"It seems like it's inevitable in bedside nursing that you are going to be assaulted at some point," said Kelsey Boeshans, an ICU nurse at HCMC in Minneapolis.

A drug overdose patient on a ventilator panicked when he awoke this spring and headbutted Boeshans when she tried to help. Turnover has left less-experienced nurses to deal with volatile patients. A veteran might have known how to rouse the man calmly, she said.

Nobody was available to cover her patients, so Boeshans tried to finish her shift. A supervisor found her vomiting in a bathroom from a concussion that took her out of work for a month.

Safety concerns gain publicity every three years when the MNA negotiates contracts for 15,000 nurses in Twin Cities and Duluth hospitals. Nurses during a three-day strike this fall demanded safer conditions and increased pay to compensate for the heightened risks.

"The amount of workplace violence that our profession is experiencing now is unacceptable," said Mary Turner, MNA president, at a union rally last week. "And it is driving our nurses away from the bedside."

The threat transcends nurses. Workers compensation claims have increased from 187 in 2018 to 236 in 2021 among hospital staffers who suffered disabling injuries from assaults, according to the Minnesota Department of Labor and Industry. Nurses filed 82 claims in 2021, but security officers saw the biggest increase over four years from 33 to 77 claims.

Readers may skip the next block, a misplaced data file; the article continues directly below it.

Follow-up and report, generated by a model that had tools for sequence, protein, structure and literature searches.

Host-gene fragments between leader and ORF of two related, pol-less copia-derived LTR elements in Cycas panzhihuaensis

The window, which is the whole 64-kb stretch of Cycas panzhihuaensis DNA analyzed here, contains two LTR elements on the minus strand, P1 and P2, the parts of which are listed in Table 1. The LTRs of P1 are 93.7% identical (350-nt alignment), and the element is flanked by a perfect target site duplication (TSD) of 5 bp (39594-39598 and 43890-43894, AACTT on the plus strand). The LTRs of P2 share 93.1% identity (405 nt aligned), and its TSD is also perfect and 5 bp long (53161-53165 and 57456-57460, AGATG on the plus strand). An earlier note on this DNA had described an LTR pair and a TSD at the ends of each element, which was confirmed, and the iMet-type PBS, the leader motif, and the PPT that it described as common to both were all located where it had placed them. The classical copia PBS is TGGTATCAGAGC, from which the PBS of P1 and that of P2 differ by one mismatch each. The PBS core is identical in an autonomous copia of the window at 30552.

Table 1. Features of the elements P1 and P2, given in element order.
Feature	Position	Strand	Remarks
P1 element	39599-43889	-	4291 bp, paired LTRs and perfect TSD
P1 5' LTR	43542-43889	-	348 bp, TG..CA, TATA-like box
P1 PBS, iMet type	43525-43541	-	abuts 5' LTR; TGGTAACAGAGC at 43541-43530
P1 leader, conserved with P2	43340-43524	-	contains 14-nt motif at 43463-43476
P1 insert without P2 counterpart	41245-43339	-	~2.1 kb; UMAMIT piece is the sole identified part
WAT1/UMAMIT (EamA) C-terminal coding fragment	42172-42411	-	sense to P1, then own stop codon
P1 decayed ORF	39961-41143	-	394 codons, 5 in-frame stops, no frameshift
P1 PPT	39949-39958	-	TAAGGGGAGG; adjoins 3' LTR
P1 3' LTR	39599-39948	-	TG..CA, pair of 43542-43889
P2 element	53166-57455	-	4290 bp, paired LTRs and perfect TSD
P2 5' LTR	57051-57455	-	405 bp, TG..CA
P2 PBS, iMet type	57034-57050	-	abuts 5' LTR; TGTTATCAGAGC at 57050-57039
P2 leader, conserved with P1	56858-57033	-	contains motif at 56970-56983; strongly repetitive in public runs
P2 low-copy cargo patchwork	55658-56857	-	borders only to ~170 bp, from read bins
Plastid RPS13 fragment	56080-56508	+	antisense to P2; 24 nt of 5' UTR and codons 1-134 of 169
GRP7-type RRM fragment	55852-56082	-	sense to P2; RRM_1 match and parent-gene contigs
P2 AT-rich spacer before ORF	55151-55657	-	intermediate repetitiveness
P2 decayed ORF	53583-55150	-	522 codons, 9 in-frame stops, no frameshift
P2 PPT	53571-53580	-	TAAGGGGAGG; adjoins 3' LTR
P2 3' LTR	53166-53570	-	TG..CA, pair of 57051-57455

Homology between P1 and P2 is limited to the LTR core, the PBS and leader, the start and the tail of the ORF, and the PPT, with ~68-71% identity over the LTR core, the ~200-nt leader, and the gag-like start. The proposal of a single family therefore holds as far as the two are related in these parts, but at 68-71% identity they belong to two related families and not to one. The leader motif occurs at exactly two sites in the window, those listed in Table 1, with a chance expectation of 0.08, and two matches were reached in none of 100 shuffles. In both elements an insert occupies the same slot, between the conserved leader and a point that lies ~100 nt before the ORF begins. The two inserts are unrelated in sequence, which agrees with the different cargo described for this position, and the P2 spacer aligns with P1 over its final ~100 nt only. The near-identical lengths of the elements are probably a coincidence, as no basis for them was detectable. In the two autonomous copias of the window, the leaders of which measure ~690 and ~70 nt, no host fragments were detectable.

Minnesota's adverse event reporting system tracks severe assaults that result in patients or workers losing consciousness, breaking bones or teeth, requiring hospitalization or needing psychological counseling. Fourteen injuries were reported over the past two years, compared to 20 over the prior 15 years.

Two incidents spurred safety efforts. Security video captured a patient charging through St. John's Hospital in Maplewood in 2014 and striking workers with a metal rod. A year later, a psychiatric patient at St. Cloud Hospital wrestled a gun from a sheriff's deputy and killed him. Both patients died in the aftermath of the attacks.

All Minnesota hospitals by 2016 completed plans that detailed their preparedness for violent incidents and staff training. Most patient caregivers are now taught de-escalation techniques to tamp down tense situations.